Dutch Courts Move to Ban Marijuana Cafés

“Coffee shops” where small amounts of cannabis have been legally bought and smoked, on or off the premises, since 1976, have become a major industry and a popular tourist attraction in many Dutch cities, especially the capital.

But the Dutch government has in recent years launched a major overhaul of the country’s “gedoogbeleid” or tolerance policy on soft drugs in order to combat drug tourism, which has is associated with public rowdiness in border towns, such as Maastricht, that lie close to Belgium, France and Germany.

The government has decided the influx of foreign tourists, including many young Britons, who come to Netherlands to smoke and consume cannabis that is illegal in their home countries poses a serious public order and criminality problem.

Cross border drug tourists suffered a serious blow at the end of 2010 when EU judges ruled that the authorities are not in breach of European single market laws by barring foreigners from buying marijuana that is on sale to the Dutch.

The ban is due to start in three southern border provinces next month, with a nationwide one by the end of the year expected to meet fierce resistance in liberal Amsterdam where both the city’s mayor and council are opposed to a prohibition on the “weed” trade for hundreds of thousands of tourists, including many Britons.

Under the proposals, cafés licensed to sell marijuana will have to introduce a checking system of locally issued “grass or weed passes” to Dutch residents in order to prevent foreign smokers from buying drugs.

Turnover of the legal “coffee shop” trade is estimated to be at least £1.6 billion every year, with tourist accounting for a significant income for cities like Amsterdam.

The ban edged close on Friday, after group of café owners lost a case at The Hague district court that the ban is discriminatory unless it can be proved that foreigners are causing more of a public order problem than locals.

Maurice Veldman, the lawyer for the Cannabis Retailers Association, attacked the ruling and accused the judges of having caved into political pressure.

“It is a 100 per cent political verdict to defend the state. There is no public order problem with coffee shops in cities like Amsterdam,” he said.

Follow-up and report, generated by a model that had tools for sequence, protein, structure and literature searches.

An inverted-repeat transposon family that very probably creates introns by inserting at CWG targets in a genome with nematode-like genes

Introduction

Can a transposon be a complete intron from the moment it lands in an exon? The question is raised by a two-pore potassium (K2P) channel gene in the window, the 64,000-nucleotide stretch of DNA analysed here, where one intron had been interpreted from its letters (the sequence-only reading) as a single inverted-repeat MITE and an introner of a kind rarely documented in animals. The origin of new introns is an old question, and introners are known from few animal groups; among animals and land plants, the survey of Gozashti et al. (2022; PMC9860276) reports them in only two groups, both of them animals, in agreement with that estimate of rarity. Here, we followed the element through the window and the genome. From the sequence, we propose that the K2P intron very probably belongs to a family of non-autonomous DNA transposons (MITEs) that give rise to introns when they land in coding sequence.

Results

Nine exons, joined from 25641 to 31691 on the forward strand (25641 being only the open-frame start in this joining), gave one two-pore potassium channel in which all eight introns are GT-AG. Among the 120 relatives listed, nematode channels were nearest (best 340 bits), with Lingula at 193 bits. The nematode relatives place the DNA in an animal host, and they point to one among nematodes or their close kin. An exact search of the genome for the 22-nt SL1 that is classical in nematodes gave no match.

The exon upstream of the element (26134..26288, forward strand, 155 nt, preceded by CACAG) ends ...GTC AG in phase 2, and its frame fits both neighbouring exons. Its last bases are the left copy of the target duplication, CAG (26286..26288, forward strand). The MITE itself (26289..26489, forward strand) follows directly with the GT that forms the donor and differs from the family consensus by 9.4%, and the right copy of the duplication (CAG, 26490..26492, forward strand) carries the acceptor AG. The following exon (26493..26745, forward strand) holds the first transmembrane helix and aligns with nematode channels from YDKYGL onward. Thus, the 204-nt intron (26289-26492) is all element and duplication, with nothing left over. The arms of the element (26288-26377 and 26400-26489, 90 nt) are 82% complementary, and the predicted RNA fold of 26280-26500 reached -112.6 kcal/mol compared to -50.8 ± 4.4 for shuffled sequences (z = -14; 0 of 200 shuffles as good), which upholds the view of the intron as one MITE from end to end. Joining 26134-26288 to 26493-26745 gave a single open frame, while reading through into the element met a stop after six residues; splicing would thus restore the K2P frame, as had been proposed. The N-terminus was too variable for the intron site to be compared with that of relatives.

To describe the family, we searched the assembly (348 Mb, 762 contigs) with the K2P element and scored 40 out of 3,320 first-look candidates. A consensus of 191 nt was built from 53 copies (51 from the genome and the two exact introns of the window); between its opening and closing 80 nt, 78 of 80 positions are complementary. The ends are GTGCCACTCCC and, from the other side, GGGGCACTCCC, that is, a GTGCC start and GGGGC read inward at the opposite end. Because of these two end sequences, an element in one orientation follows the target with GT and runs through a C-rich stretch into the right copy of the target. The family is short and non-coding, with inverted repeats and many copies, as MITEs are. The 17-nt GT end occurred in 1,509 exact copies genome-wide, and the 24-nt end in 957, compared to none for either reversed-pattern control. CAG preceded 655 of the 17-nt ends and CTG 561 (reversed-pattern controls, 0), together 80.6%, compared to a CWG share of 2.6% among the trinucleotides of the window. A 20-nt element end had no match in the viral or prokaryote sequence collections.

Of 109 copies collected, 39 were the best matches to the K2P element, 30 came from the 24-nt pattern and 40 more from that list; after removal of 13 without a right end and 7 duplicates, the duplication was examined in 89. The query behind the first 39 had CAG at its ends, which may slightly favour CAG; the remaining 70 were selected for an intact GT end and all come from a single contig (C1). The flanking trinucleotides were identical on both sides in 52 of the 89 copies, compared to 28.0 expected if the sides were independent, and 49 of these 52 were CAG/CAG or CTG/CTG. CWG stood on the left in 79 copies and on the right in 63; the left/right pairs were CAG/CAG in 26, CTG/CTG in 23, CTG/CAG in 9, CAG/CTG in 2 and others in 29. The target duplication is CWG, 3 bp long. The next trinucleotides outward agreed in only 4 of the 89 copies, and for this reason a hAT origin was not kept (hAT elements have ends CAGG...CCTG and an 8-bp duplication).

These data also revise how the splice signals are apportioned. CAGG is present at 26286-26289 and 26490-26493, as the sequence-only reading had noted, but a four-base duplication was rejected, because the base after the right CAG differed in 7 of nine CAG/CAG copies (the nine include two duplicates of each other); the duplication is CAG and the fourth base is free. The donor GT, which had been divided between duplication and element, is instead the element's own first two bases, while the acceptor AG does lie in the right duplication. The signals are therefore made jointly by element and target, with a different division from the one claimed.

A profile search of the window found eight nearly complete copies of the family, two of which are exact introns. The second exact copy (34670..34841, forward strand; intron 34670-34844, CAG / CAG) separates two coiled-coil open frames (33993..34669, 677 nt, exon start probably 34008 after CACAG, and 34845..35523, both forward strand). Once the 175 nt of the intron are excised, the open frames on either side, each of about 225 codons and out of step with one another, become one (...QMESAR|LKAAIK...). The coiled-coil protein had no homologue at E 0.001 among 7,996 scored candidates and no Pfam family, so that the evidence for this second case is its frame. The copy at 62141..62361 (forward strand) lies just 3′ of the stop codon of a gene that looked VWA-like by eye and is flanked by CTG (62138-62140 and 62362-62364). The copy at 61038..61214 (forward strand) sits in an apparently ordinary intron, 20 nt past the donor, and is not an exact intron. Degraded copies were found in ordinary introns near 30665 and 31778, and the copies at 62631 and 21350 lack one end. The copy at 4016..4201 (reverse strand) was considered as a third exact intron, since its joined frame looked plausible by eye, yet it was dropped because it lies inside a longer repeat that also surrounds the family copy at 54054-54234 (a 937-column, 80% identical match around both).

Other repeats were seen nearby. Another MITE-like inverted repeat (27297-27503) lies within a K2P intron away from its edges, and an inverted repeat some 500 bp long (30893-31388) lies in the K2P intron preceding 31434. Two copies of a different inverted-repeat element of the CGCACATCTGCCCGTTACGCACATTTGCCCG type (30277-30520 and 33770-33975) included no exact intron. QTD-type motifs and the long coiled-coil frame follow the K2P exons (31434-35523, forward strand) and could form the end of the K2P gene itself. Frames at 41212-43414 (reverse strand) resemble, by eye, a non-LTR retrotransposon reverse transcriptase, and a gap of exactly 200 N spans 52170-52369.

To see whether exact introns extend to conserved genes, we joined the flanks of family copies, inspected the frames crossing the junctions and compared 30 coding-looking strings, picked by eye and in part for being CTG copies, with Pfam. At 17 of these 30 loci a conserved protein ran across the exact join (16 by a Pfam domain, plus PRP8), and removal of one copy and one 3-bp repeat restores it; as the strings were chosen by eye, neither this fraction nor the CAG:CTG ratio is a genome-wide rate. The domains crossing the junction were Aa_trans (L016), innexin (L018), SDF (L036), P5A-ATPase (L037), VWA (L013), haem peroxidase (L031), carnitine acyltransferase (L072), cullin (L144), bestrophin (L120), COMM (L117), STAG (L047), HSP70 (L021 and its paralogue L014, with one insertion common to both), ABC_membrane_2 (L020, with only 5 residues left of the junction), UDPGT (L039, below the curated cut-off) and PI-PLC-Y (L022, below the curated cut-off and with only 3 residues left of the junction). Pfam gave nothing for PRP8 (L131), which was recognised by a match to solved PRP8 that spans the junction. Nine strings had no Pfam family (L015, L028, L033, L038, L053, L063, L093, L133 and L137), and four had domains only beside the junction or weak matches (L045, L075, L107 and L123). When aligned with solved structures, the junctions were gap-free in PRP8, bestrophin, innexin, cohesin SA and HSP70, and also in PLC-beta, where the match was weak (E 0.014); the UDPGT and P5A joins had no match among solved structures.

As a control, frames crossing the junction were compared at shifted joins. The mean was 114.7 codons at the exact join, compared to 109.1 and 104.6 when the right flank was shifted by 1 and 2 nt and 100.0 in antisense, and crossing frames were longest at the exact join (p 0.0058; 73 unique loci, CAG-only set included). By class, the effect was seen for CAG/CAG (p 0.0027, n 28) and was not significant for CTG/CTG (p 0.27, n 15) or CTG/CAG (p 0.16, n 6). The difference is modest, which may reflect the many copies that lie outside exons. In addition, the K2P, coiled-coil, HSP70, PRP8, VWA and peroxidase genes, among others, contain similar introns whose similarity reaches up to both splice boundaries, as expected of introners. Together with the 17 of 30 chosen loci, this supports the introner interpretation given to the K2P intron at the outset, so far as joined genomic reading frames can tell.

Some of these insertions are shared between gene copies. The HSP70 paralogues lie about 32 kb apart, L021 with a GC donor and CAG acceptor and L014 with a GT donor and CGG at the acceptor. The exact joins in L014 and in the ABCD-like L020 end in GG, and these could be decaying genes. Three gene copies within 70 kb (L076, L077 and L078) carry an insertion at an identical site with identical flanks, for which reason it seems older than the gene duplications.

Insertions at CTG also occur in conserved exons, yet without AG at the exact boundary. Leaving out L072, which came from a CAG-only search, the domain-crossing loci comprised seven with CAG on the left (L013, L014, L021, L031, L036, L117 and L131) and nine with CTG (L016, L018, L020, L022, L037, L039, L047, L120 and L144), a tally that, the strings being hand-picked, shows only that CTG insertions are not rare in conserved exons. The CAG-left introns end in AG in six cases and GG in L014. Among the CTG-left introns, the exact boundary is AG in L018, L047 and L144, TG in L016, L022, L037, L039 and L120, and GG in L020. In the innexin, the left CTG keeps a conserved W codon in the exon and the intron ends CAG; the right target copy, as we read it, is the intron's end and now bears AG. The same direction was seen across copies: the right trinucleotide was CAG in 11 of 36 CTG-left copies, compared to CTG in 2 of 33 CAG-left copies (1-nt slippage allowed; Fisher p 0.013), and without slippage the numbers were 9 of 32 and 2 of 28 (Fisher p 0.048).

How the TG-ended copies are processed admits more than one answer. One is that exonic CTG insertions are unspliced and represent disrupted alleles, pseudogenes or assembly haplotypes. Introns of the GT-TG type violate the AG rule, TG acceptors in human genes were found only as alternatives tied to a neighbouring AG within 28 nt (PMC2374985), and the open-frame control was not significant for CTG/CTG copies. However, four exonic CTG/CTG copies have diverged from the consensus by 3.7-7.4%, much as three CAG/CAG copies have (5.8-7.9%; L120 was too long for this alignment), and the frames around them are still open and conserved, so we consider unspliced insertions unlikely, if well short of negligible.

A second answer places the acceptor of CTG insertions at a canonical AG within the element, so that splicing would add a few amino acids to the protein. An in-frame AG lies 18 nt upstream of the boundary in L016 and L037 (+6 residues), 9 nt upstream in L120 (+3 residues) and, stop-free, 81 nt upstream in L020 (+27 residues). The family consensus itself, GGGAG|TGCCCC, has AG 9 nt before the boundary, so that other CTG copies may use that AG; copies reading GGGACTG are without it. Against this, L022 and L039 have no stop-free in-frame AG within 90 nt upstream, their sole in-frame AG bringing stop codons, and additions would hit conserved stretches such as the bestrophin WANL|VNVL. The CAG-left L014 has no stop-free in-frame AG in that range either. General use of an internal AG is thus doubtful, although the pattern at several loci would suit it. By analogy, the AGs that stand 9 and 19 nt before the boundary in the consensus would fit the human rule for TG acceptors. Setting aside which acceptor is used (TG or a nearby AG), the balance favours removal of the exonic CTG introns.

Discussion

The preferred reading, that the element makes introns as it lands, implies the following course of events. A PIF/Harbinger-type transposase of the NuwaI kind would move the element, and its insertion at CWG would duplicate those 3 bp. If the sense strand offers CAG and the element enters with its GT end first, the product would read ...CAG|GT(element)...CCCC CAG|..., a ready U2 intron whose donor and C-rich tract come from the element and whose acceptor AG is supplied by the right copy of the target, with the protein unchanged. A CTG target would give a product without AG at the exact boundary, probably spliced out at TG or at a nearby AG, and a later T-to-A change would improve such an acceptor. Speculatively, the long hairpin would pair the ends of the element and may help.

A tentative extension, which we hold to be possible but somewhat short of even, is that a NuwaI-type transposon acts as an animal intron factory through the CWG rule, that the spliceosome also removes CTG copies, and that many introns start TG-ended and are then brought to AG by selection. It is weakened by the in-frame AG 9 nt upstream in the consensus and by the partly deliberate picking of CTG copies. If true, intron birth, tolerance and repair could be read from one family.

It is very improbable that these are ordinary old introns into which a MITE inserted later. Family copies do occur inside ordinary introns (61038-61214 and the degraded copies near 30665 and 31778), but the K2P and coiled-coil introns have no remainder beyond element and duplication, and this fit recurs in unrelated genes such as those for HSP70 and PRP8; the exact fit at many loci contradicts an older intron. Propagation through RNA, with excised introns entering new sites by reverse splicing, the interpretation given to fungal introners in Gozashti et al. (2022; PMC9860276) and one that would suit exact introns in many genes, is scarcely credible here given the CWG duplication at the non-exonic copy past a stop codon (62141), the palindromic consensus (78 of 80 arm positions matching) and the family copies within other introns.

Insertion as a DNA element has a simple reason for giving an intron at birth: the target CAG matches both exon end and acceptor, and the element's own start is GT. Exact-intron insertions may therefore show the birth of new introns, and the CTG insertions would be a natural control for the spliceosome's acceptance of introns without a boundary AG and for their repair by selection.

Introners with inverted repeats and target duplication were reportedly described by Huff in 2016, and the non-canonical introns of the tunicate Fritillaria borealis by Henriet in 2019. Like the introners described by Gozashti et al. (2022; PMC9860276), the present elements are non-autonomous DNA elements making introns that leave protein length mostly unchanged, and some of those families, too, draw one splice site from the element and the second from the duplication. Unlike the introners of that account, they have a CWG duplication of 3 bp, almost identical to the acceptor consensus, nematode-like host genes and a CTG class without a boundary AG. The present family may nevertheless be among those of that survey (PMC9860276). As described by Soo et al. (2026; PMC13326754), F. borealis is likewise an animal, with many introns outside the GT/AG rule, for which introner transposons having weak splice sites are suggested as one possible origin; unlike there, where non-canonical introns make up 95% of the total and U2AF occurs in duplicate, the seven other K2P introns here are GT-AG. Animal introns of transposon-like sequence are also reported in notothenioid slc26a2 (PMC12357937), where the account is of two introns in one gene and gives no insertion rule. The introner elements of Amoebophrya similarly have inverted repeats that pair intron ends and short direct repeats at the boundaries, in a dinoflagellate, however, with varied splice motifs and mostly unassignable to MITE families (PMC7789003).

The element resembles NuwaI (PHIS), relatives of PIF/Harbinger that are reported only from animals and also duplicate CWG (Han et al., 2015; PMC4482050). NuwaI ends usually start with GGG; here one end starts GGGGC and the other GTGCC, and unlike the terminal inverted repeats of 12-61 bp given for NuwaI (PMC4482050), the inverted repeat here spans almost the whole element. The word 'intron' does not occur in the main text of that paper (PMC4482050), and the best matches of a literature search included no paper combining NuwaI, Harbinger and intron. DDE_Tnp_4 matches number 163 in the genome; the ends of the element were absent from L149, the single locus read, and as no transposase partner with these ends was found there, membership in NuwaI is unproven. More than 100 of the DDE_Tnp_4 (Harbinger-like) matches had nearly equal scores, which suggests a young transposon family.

Mr Veldman said that under existing laws city authorities could ban foreigners “in cases of severe public disturbance” but that measures had never been used “since coffee shops are notorious for their peaceful and non-violent ambience”.



  1. Anonymous on

    The dutch dont have the monopoly on cannabis but if they like to shoot themselves in the foot its their own problems.Their economy will take a serious beating and in the long term I doubt that this political move is gonna last long when their pockets become empty.What we see nowadays is the right wing ideology gaining ground in Europe.

  2. Dave on

    Well spoken from the land of Immigrants

  3. Dirty Harry on

    Here in the USA, states are against the feds over illegal immigrants. The feds don’t want states to check status and is suing states who try.
    Can you imaging what would happen in the USA if ANY store said, “We will not provide you services unless you prove your a citizen?”…Bloody hell would break out. Here anything that includes race or citizenship in any question will bring the lawyers and activist judges running.

  4. Dave on

    Actually the most intolerant people I’ve met has, often, been the religious ones!

  5. Guest1 on

    Who really cares? anyone who is a bit concerned about the situation of cannabis all around the world and not just in their own country… it’s by being active and connected that things will move in our favor, and not by yielding to egocentricity.

  6. Nevalliss on

    It would seem that the famous Dutch tolerance has grown to include intolerance. Okay then let’s look at it from a logical point of view. 1.6 BILLION Euros in tourism, or nothing from the culture pulse of the planet. Hmmmmm. I wonder if the Dutch bankers think that is a good idea. What’s next? Jack boots and brown shirts? You see, when the people become the rational ones and the leaders become the ignorant ones, the people will become the Leaders and the Leaders become those that MUST follow the people. This approach to a global inforced drug policy will only cause more turmoil than peace, and people will fight harder for peace then fear, or war, or rules that ARE illogical, immoral, and totally unjust.

  7. Bhonze on

    Who really cares? We have plenty of good weed in the US and I can also go to BC a lot cheaper than Amsterdam. I like Vamsterdam much better anyway also BC and the US have just as good bud if not better. Amsterdam is really kind of out dated. I can’t wait to get my ticket to WA or CO once they LEGALIZE in November!